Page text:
1. Compute every score evaluating both reliability and resolution on the prior distribution. Since all the errors are under control, the emphasis should be put on the reliability attribute in order to estimate the impact of the ensembles size on the assimilation stochastic methods.
2. Compute the scores evaluating both reliability and resolution on the posterior distribution.
3. Compute the scores evaluating the resolution/entropy. Compare the gain between the prior and posterior distributions. A better resolution/entropy for the posterior distributions is expected.

## Medium case benchmark: double-gyre NEMO configuration

The intermediate benchmark is meant to be a direct transposition of the first benchmark metrics to a mesoscale ocean flow. For this reason, the ocean system is kept as simple as possible (square ocean, simple physics) and the assimilation problem is still an idealized problem (twin experiments, no model error). The additional difficulties come from the much larger size of the system, and from the fact that not all state variables are observed. With this benchmark, the question of the numerical efficiency of the assimilation method starts to become an issue.

Questions

1. To what extent can the prior probability distribution be described by a moderate size ensemble ? What is the best way to combine the ensemble description with additional assumptions about the prior distribution (like adaptive procedures) ?
2. Are the marginal posterior probability distributions consistent with the real error ? Is there a difference between observed and non-observed variables or as a function of depth ?
3. What is the posterior uncertainty for every single model variable ? How does it change in space and time ?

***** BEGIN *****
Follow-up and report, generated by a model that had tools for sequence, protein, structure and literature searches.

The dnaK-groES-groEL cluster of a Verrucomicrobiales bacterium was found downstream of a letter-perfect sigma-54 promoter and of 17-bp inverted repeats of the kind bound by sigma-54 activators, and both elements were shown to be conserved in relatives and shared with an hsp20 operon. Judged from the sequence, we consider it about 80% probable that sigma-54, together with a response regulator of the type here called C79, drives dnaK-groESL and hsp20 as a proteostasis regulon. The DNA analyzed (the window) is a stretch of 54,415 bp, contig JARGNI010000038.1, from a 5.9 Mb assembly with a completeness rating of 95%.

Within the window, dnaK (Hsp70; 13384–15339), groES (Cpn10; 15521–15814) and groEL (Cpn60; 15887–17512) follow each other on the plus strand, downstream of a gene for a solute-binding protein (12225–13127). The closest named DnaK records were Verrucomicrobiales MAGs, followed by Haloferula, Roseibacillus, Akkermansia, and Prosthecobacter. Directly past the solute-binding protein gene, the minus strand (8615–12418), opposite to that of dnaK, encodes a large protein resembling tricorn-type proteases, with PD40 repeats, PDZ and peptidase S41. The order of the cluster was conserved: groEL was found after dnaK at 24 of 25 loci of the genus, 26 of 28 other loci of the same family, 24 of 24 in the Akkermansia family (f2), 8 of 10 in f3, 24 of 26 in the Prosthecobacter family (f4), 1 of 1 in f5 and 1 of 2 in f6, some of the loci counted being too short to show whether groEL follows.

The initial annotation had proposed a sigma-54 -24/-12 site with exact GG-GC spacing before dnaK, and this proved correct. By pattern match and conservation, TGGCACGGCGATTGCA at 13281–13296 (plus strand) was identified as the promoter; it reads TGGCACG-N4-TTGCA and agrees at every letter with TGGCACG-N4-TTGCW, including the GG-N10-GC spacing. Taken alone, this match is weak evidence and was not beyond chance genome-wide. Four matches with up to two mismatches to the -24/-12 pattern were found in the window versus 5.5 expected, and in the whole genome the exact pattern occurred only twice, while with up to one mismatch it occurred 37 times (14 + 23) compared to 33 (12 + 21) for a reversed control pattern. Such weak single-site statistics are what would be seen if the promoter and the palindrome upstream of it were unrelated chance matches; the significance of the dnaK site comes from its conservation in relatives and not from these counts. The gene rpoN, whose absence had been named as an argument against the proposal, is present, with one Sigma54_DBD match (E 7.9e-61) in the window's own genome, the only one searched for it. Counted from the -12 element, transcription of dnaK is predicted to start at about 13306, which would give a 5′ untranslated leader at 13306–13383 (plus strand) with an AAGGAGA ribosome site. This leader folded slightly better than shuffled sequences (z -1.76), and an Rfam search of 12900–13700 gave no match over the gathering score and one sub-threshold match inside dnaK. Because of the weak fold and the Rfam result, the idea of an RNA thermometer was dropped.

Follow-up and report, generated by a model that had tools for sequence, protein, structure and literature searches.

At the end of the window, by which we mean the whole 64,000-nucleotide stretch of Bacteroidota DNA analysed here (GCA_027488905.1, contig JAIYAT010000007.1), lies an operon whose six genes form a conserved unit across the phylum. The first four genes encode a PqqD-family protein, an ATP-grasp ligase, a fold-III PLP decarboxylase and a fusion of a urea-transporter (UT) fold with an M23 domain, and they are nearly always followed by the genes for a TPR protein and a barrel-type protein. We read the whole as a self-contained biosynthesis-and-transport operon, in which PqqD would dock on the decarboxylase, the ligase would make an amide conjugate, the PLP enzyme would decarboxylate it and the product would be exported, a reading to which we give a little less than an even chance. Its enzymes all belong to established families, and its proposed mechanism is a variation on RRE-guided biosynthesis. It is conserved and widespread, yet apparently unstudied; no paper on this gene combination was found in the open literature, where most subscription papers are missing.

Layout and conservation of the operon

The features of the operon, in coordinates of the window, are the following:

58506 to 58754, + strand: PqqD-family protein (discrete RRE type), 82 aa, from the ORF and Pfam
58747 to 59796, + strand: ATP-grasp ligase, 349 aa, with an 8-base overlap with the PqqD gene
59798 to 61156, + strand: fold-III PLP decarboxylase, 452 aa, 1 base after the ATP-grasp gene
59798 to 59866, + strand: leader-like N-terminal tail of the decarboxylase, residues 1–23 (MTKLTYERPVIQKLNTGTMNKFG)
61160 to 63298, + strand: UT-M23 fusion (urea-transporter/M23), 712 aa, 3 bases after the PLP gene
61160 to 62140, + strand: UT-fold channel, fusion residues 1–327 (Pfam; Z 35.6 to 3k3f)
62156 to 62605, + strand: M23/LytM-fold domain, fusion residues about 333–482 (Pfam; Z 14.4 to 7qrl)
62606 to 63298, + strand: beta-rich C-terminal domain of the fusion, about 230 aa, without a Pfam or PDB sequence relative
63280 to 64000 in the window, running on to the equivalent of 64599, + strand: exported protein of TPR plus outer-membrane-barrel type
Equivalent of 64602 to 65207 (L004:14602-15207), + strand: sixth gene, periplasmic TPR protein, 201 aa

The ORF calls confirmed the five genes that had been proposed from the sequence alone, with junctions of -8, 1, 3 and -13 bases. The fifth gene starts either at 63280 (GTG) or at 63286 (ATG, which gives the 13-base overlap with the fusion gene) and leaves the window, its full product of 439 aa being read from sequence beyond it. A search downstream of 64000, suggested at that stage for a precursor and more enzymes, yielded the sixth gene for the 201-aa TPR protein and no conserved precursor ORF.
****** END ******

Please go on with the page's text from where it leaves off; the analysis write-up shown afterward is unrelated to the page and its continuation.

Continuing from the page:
Metrics

1. Produce an estimate of exact marginal probability distributions using a very large ensemble, and explore the variations of the scores with respect to this exact distribution as a function of the ensemble size and/or additional assumptions (which are related to the numerical cost). This can be done for univariate marginal distributions and for several bi- or tri-variate marginal distributions to see if the dependence between variables is correctly reproduced as a function of the distance and/or time. If the distributions are close to Gaussian, this can be reduced to exploring the modifications in the ensemble variance and in the linear correlation structure.
2. Compute the scores of every model variable given the corresponding posterior marginal distribution.
3. Compute and compare the scores resolution/entropy corresponding to the marginal prior and posterior probability distributions.

## Large case benchmark: North-Atlantic 1/4° NEMO/LOBSTER configuration

The purpose of the last benchmark is to provide an intercomparison of the assimilation methods using a real-world assimilation problem, which is close to the current MyOcean systems. With respect to the intermediate benchmark, the additional difficulties are: (i) the much larger complexity of the system (larger variety of dynamical processes, about n=6 x 10^7 state variables), (ii) the use of real-world observations (so that the true state of the system is no longer known), and (iii) the presence of various sources of model errors. For these reasons, the questions must be reformulated and the metrics adapted to provide a similar kind of intercomparison in this more complex situation.

Questions

1. To what extent is it possible to provide a consistent description of the prior probability distribution ? Is it consistent with the available observations ? What is the best compromise between exploring the probability distribution using a large size ensemble (e.g. to identify non-Gaussian behaviours) and making prior assumptions about the shape of the distribution ?
2. Are the marginal posterior probability distributions consistent with the independent observations ?
3. What is the posterior uncertainty ? Is the estimation compatible with the available prior knowledge of the dynamics ?

Metrics

1. Compute and compare the scores for the marginal (and maybe bivariate) prior distributions, with emphasis on the reliability scores.
2. Compute the scores evaluating both reliability and resolution for the marginal (and bivariate if possible) posterior distributions.
3. Define the list of key diagnostics (variables function) to be evaluated. Estimate and compare the scores resolution/entropy corresponding to the marginal prior and posterior probability distributions for each diagnosis.